How It Began
In 2002, a student of mine walked in during my office hours. At the end of our
long conversation about race, politics, and sociology, I asked for his e-mail and he
handed me a business card which stated, Tommy T—The Enforcer. I asked what this
title meant and he stated matter- of-factly, “Oh, I do pro wrestling promotions.” I had
more or less forgotten about this staple of the American cultural diet. Only then did
I begin to rethink pro wrestling.
I recalled this exchange a few months later, when taking an ethnography seminar
with Javier Auyero. I looked on the Internet for pro wrestling and, as it happened,
there was a training school for aspiring pro wrestlers near my own university. I
learned that on the following Sunday it would be staging a show at a community
center about a thirty- minute drive away, so I went to it. This, it turns out, became
the unofficial beginning of my fieldwork.
At the intermission a short guy in his early twenties with a goatee and a big smile
approached me. Enthusiastically he said, “Hey man, how are you?” At first I was
sure he was talking to the guy behind me, but he asked what I had been up to and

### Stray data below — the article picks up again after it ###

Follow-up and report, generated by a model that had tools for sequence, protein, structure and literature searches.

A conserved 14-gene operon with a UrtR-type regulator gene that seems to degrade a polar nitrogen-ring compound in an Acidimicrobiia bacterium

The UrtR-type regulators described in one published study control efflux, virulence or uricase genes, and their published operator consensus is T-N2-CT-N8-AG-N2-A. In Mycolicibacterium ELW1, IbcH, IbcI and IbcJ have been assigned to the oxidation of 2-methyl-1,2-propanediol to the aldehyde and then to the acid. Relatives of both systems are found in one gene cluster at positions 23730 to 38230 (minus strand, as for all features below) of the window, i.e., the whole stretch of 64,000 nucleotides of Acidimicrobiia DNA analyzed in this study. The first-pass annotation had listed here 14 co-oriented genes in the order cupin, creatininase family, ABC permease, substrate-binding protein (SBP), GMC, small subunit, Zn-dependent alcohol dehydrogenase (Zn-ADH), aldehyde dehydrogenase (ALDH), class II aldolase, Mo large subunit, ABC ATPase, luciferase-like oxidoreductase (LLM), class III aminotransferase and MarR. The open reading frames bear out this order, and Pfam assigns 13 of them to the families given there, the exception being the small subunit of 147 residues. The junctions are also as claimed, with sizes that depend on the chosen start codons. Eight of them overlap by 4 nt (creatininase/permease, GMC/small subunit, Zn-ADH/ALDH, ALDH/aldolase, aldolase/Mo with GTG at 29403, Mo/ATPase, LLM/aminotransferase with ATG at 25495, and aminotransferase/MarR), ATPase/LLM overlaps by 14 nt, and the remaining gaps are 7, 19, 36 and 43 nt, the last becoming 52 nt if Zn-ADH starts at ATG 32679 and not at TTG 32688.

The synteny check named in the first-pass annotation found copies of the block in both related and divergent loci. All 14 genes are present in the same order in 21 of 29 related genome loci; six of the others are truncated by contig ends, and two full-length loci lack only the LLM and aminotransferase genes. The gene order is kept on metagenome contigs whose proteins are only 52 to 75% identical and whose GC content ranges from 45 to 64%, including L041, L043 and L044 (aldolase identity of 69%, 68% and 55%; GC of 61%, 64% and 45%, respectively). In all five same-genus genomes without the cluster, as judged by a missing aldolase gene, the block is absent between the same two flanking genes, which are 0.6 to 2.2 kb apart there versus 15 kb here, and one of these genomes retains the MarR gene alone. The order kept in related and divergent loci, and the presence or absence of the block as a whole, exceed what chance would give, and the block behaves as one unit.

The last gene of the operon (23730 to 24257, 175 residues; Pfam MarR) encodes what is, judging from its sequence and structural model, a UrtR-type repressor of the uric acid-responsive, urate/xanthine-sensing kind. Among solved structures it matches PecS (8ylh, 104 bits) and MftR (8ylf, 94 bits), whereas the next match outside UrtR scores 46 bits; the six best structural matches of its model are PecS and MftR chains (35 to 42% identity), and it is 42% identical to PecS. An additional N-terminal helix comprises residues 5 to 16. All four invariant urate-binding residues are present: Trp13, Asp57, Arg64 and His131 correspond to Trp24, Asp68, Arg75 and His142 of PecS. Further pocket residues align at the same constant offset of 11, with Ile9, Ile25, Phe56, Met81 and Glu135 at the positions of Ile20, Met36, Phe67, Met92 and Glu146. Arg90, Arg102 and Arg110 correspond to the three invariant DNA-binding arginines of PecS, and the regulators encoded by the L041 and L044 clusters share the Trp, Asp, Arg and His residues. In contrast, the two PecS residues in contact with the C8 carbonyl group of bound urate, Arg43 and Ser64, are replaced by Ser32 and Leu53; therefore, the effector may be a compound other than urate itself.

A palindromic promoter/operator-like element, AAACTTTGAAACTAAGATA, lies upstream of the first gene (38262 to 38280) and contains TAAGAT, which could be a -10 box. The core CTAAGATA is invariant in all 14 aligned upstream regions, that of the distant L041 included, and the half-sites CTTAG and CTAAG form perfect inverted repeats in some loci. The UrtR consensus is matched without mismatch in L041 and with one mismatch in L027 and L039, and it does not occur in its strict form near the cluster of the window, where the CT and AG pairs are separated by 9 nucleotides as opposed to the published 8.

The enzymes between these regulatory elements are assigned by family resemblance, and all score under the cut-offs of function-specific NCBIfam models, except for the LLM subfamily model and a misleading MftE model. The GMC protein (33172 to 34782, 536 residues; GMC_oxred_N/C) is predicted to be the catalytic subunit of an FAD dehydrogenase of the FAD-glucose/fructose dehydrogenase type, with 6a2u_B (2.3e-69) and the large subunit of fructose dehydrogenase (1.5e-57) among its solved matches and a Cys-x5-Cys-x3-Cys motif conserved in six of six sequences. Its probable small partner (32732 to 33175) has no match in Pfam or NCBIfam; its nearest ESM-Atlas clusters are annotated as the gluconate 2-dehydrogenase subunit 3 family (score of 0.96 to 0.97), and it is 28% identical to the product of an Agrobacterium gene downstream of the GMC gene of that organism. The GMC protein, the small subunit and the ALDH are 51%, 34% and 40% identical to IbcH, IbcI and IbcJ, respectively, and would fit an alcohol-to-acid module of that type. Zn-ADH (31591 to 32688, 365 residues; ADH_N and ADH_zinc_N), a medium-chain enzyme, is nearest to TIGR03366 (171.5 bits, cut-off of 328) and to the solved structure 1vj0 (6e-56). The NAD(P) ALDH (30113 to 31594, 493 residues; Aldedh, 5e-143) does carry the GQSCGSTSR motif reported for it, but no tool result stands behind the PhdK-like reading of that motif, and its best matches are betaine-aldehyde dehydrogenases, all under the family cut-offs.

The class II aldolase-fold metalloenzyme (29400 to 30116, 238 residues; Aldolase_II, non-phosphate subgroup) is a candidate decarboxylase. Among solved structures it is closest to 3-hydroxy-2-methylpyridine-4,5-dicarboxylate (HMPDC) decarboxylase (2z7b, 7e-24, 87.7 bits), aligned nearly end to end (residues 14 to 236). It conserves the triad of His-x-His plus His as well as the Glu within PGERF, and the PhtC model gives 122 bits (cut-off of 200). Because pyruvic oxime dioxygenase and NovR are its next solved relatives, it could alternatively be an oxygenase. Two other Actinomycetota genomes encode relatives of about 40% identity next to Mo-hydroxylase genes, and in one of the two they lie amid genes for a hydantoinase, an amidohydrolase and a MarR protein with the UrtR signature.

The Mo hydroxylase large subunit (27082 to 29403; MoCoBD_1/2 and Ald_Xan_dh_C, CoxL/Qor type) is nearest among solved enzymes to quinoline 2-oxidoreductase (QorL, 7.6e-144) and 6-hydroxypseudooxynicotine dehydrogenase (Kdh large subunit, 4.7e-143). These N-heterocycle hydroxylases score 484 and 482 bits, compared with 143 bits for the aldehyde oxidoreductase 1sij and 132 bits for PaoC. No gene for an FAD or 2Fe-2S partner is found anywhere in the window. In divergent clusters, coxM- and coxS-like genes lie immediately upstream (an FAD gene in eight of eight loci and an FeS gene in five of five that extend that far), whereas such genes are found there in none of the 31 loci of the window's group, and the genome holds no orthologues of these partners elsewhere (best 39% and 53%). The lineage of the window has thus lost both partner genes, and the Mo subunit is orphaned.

mentioned that his name was Ryan, perhaps realizing that I was having trouble plac-
ing him. He kept talking—where was I living now, what had I been up to? I didn’t
even think to correct him because he seemed so glad to see me. I told him I needed
to go to the bathroom. “It was great to see you!” he said, just before giving me a big
hug and parting.
The bear hug resulting from a case of mistaken identity revealed several things.
First, fans and wrestlers made up a rather tight- knit community. Contrary to the ste-
reotype of pro wrestlers and their fans as tough degenerates “who beat their wives,”1
I had witnessed a congenial and caring group. The boundary between performers
and fans was unclear; many fans were connected to performers by acquaintance of
some kind (friendship, family, work, etc.). So I experienced a shared community
very unlike professional sports or professional theater, where the audience usually
has very little means of tangible interaction.2 Second, although I really didn’t know
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